Heartbreak is a bitch, as most of you know. But the end of my marriage also felt like a liberating beginning, as I could finally open myself up to the possibility of dating both men and women. I wish I could say that I did just that. But I didn’t. I lost all confidence and got scared as hell when a few of the ladies I was flirting with on a dating app wanted to actually meet in person. I had never given myself the chance to tangibly show up in this way before, and now that the moment was upon me, I was fucking terrified to seize it.

Again, I eventually fell in love with and married a man who is now my ultimate life partner. We have two adorable young kids of our own, and I’m also the stepmom to his 13-year-old daughter. Once I met my husband Matt, I thought I’d need to stuff my true sexuality as deep down inside of me as humanly possible. Which makes sense, since most of my past experiences had taught me that who I really was didn’t jibe with the Lindsay everyone else expected me to be.

Courtesy of Lindsay Wolf

But when a young family member in my life began vulnerably questioning their own sexual identity, I knew I had to get honest with Matt and myself.

It took several long talks, and by the end of them, I felt closer to Matt than ever. Not only did he accept my bisexuality, but he’s totally cool with me openly crushing on the same female celebrities as him. As of right now, it’s Lizzo, Scarlett Johansson, and Tess Holliday.

Courtesy of Lindsay Wolf

My name is Lindsay Wolf, and I am — finally! — an out and proud bisexual woman.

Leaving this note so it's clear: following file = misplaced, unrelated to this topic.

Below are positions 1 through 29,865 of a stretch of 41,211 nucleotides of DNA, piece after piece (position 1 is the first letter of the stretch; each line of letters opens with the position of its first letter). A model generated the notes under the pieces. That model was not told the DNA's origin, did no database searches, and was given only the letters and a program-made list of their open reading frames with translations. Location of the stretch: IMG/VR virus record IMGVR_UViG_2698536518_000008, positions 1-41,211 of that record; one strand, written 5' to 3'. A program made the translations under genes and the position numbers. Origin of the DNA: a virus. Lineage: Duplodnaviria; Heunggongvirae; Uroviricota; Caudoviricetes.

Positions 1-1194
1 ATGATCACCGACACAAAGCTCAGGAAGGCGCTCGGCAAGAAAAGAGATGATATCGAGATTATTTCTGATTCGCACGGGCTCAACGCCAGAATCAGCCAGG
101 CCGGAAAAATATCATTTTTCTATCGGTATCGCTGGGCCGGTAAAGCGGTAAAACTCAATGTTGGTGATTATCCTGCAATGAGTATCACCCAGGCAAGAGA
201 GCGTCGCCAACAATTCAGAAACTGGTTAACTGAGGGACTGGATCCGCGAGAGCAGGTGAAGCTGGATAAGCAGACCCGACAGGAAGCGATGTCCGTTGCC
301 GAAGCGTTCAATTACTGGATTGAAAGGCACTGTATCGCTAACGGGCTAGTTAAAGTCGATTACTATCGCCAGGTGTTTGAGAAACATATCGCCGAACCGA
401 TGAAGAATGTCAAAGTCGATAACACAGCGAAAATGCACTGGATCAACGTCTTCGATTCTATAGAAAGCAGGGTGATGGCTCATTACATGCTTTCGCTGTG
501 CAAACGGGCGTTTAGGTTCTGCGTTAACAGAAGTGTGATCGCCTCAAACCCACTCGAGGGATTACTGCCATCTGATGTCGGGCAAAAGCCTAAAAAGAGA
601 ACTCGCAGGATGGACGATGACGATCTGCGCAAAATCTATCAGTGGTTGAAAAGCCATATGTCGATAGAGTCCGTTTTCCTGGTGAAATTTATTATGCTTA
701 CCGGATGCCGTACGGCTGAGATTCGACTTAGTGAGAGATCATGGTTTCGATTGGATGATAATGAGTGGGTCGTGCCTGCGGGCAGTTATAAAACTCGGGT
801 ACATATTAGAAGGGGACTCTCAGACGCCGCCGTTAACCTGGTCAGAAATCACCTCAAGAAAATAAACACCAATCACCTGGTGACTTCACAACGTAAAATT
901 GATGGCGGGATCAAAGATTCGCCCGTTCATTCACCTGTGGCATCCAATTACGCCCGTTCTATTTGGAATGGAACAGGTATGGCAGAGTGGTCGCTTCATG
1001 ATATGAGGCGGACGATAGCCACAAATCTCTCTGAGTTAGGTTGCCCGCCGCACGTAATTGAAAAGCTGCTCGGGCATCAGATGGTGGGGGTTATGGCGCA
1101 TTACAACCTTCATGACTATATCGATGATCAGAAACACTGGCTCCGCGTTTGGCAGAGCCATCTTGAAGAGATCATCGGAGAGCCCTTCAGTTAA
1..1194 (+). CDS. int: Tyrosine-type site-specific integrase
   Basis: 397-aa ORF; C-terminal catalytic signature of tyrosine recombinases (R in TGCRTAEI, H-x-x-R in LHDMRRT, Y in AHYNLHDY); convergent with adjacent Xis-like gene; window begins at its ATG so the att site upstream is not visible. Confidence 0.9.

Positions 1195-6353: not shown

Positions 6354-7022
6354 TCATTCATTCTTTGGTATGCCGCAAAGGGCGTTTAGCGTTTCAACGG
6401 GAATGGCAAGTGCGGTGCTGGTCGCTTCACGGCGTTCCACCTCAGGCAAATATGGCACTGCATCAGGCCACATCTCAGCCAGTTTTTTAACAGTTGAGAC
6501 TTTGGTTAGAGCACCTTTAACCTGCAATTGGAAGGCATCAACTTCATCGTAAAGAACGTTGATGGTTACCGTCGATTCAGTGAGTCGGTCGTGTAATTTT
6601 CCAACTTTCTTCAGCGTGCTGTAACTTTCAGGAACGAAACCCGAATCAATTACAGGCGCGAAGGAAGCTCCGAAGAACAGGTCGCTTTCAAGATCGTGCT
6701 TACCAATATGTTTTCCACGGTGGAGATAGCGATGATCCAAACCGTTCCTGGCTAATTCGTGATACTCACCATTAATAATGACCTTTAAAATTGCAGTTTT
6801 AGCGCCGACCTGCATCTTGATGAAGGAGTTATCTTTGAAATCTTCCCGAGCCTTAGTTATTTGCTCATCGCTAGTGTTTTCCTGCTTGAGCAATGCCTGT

If you’re reading this and you have yet to come out as however you identify, I want you to know that I’ve been there. It’s so damn hard to own who you truly are, especially when the world around you is feeding you the lie that it’s not okay to be yourself. And it’s even more challenging to allow yourself to be fully seen by others, regardless of what they may think about you. But after surviving the hardest mental health year of my whole life, I’ve realized that I don’t want to spend another minute pretending to be someone I’m not.

I’m ready to be exactly who I am. And who I am is absolutely wonderful.

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My Ex Is Trans, And This Is What Co-Parenting Is Like For Us

The first time I heard the word “gay,” it was hurled at me as an insult in the 5th grade. It was 1997, and Ellen DeGeneres had come out, but I was in Catholic school, so that wasn’t exactly a headline we looked at. Gay wasn’t something that was discussed in any sort of loving way. It was mean, and insulting; a demeaning word.

Things have changed.

In the last 20 years, things have become immeasurably more inclusive. Gay isn’t an insult; it is part of a rainbow that includes so many amazing people. If my life had followed the path I had imagined it would way back in those elementary school days, this would have been more than enough for me to casually move on with my life. I would sit with old copies of Time Magazine to sort through, giving a warm grin at old headlines about Ellen blazing the trail on TV, before adding to the pile in the recycling bin.

Except that’s not how life played out. My journey took a sharp detour that introduced me to that beautiful rainbow of people, and I found my place in it. I married into it, too. The man I married helped me build a family, and we brought Bug into the world; a brilliant and kind little girl with her heart on her sleeve. Then that man told me HER truth.

Madeline told me she was trans when our daughter was just over a year old. We sat and talked, and cried, and then looked at our child. Whatever the world was like for us, we couldn’t begin to guess how it would impact her. However, we both agreed that one of the early lessons we wanted to teach was that, no matter what, living true to yourself is paramount. So transition began.

Eventually, Madeline and I parted ways, but worked damn hard to build a functioning co-parent relationship. It took time, and we have become amazing friends. It has helped being a team because we now are seeing that Bug’s world is complicated.

In preschool, the kids were amazing. They were unflappable. Of course, Bug had two moms, it didn’t matter as long as she could still play. Then Bug got invited to a birthday and when Madeline tried to call to RSVP, she never got a response.